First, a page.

A pianist has turned Mahler’s ‘Resurrection’ Symphony into a Cuban Rumba

20 April 2019, 16:36

Mahler’s Symphony No. 2 (‘Resurrection’) has been transformed into a Cuban Rumba — and it’s pretty darn uplifting

It’s fair to say that most cover artists wouldn’t touch Mahler’s terrifying second symphony with a barge pole.

As well as brass, woodwind, strings, keyboard and a full-voice choir, the original score includes seven timpani, two bass drums, two pairs of cymbals, two triangles, a glockenspiel, three deep, untuned bells, and three tam-tams.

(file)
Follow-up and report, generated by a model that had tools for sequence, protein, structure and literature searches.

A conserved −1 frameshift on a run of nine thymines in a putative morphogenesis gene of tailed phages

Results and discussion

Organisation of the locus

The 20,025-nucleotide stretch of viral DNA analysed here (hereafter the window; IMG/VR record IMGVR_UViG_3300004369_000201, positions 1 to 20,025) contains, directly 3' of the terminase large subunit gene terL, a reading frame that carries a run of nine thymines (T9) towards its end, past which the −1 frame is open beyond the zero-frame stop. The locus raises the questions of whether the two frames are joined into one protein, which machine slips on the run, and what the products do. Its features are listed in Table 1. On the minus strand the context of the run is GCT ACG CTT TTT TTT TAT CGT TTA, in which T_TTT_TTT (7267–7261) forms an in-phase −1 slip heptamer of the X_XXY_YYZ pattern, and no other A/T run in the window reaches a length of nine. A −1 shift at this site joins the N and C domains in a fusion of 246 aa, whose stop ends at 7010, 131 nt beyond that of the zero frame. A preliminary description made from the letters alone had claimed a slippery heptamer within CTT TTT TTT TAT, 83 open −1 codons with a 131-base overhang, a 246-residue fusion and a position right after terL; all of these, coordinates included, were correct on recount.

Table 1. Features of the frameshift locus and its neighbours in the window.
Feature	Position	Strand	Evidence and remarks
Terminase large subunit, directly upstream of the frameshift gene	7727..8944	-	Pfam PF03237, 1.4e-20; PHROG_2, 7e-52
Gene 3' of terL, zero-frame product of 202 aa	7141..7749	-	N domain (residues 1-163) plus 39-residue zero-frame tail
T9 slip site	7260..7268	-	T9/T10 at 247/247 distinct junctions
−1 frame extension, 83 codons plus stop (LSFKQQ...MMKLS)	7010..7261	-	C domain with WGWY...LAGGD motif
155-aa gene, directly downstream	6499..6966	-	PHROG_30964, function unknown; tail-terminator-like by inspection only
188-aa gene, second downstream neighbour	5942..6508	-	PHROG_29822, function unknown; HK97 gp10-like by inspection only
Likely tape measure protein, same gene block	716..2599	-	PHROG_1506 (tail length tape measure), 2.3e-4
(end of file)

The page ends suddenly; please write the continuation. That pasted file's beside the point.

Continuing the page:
But this pianist has done something really interesting: Joachim Horsley has reimagined ‘Resurrection’ in three Cuban Rumba styles – Guanguanco, Yambú, and Colombia.

The melodramatic lyrics in the closing verse (“Die shall I in order to live. Rise again, yes, rise again, will you, my heart, in an instant!”), are replaced with a series of ghostly, wordless noises, while the immense percussive sounds are recreated in the inner structure of the piano.

There’s also a pretty creepy middle organ section, which slows down the whole rumba, before picking the tempo up again, returning to the groove and throwing us right back into the happy rumba.


It’s kind of genius.